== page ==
Does who the other team have come come into calculations? "No doesn't matter who you are or what skill set you have a ball drilled from 10 metres away on a wet surface is a hard catch,'' Walker said.
Remember that Jet?
JET number 484 will be at the Jets v Tweed game this week in his role as Tweed CEO.
Paul Stephenson played 43 games for the Jets after playing 55 NRL games for Manly and the Sharks.
"I came straight from the Sharks at the end of 2008 and stayed two years at the Jets. I loved my time there,'' Stephenson said.
"Tweed and Jets probably aren't too dissimilar financially but also proud clubs that are very in touch with their history.
"We had a new coach and new players so it was important that one of my main jobs was to make sure that they understood what it means to play for Tweed.
"I am learning a lot and really enjoy the CEO role, you have to be very hands on and fill a number of roles. We have great people here and that helps me a lot.
"I am looking forward to catching up with the Jets this week."
THE Jets best attacking side is their left with 10 tries or 40% while their best defensive third is their middle with only four or 13% of tries scored through there.
A cold beer with . . .
It is 1982 and you are off to the cinema to see Rocky III. Before that, you stop and watch Wests v Jets at the North Ipswich Reserve. Playing for Wests is a young Tony Currie., who would win the Rothmans Medal that year and play his first Origin game. We sat down to talk Jets v Wests.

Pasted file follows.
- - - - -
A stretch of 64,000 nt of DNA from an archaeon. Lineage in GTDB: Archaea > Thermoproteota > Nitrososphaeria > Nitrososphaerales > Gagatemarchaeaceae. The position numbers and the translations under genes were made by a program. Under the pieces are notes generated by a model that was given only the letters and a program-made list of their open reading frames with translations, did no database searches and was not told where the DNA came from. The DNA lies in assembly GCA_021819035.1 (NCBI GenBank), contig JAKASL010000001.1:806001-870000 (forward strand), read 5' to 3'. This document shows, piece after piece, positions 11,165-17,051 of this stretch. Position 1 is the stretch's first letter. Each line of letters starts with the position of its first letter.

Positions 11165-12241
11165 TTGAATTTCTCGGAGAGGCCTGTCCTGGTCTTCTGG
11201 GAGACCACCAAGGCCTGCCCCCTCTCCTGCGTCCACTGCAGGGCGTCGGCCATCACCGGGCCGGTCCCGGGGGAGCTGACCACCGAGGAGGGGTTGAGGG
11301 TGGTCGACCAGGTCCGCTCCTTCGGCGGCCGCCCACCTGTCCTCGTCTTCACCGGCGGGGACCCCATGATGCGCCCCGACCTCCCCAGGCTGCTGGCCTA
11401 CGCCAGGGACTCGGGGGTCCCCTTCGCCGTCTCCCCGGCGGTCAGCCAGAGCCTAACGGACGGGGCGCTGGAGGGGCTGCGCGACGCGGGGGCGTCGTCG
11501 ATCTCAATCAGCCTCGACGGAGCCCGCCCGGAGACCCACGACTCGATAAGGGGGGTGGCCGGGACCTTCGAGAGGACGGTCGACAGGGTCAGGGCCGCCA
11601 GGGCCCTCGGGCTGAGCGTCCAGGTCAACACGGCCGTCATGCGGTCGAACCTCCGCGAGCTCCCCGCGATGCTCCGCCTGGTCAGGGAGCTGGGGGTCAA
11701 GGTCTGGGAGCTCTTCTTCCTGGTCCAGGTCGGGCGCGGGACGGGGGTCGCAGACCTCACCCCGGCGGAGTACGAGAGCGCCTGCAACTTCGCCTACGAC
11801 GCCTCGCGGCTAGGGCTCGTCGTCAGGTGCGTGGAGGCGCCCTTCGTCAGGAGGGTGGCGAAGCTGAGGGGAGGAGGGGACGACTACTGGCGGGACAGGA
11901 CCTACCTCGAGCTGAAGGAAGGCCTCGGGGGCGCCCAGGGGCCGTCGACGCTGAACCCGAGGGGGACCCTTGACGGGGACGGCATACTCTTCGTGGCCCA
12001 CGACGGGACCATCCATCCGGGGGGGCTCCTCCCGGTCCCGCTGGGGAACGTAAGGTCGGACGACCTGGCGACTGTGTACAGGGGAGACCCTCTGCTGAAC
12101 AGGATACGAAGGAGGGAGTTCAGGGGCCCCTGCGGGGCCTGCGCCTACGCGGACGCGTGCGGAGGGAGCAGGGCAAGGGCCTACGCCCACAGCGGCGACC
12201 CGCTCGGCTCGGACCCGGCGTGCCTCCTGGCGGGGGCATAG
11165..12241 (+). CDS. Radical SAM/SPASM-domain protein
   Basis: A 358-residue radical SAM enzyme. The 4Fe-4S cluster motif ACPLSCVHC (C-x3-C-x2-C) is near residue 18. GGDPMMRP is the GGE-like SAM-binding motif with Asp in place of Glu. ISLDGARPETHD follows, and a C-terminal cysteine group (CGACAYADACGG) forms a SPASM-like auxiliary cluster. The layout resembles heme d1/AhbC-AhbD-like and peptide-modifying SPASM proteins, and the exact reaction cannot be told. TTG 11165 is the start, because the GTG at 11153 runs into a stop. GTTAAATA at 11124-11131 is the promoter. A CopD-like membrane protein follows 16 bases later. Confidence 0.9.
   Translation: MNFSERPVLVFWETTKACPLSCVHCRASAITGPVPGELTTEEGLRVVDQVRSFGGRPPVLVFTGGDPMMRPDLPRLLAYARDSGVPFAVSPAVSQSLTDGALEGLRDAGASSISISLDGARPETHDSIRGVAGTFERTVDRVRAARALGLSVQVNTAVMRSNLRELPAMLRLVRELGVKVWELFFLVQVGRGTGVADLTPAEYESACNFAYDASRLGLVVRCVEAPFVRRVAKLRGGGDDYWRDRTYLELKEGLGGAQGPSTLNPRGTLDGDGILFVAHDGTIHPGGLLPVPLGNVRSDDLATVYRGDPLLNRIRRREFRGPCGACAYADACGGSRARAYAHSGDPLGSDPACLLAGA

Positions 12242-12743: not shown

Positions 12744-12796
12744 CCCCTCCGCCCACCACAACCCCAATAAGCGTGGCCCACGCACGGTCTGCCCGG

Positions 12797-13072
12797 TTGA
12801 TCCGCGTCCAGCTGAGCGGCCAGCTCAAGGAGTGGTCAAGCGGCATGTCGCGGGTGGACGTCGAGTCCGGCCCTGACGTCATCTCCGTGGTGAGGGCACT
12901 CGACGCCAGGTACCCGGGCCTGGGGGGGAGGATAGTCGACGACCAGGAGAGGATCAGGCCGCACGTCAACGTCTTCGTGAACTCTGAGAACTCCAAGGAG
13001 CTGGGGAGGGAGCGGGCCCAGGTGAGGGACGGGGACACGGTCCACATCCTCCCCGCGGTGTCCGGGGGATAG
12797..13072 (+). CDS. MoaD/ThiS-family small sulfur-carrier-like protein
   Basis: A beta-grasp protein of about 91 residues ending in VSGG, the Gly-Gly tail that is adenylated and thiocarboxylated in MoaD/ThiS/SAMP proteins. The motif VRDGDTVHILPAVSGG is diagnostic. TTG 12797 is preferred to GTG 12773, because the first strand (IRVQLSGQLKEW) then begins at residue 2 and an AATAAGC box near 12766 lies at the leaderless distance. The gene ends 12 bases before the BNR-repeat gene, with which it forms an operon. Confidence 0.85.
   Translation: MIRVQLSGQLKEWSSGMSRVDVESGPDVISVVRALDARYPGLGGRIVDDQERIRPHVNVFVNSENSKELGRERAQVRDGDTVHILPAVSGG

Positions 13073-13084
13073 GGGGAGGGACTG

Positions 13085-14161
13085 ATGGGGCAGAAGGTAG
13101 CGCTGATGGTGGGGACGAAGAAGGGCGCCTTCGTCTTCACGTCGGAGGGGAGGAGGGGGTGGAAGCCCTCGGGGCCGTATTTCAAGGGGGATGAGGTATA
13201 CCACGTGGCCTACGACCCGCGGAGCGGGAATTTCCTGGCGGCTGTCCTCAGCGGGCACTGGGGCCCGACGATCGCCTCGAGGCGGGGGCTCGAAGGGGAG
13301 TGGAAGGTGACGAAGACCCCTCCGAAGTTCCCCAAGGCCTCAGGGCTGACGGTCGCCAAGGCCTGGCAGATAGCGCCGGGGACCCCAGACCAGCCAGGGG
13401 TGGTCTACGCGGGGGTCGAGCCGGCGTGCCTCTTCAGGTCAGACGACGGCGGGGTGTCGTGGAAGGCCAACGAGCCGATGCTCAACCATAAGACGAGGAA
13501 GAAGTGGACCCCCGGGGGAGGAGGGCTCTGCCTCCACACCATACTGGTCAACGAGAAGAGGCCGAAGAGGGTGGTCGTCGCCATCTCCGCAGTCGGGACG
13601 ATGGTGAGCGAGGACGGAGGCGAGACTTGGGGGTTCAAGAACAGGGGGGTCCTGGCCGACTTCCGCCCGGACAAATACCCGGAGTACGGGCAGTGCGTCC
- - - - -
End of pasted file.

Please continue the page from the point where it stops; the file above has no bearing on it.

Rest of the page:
In 1982, the Jets are in the State League and you are at Wests winning the Rothmans Medal. Any Jets memories (Wests beat Ipswich 34-17)? I was 19 and and I particularly remember our prop Bobby Green having made a comeback and giving us some grunt in the front row. His opposite prop was a wild ex-Panther Gordon Reid. These two bulls went at it at every opportunity. There were uppercuts in the scrum, kneeing and everything possible between the two. I was young and could not believe this sort of play could happen. I guess when there are no cameras, anything goes. The State League was a great concept for country rugby league and I am just glad we did not have Colonel Sanders on the front of our jerseys.
Who is the favourite Ipswich footballer you played with? There can only be one and he would be Kevin Langer, older brother of Alfie. Unbelievably, I first met Kevin in a final for a Channel 7 schoolboy "pass the ball" competition where we both got beaten by a union player. As a consolation prize, Kevin and I both won a pair of Bogart jeans, which had to be collected in Brisbane City. Kevin and his little brother (Alfie) had caught the Rattler down from Ipswich and made their way to the Mt Coo-tha station for the final. Being Saturday, town was shutting at 12pm so my mother offered to drive us down to collect the jeans and then drop Kevin and Allan back at the train station. I was fortunate to play with Kevin at the Panthers. Kevin was a tremendously underrated player who did not receive the recognition his talents deserved. He never gave less than 100% and like his brother was a very, very brave player. We are still friends today and I was fortunate to attend his wedding.
You played again in Wests grand final win in 1993 with Brad Thorn and Adrian Lam. How enjoyable was that year at the end of your career? This was a great experience for me. I had started with the Panthers in 1981, '82, '83, '84 and '86 and returned after winning the Broncos first grand final. I was not planning to play after I retired but got the call from Panthers coach Gary Grienke to replace an injured Sam Smith in the centres. We had a great team and fantastic spirit and it was a pleasure to help a young Brad Thorn and Adrian Lam on their way to greatness. I do not remember much about the grand final because I was knocked out in a tackle by Paul Green (current Cowboys coach) and got carted off on a stretcher.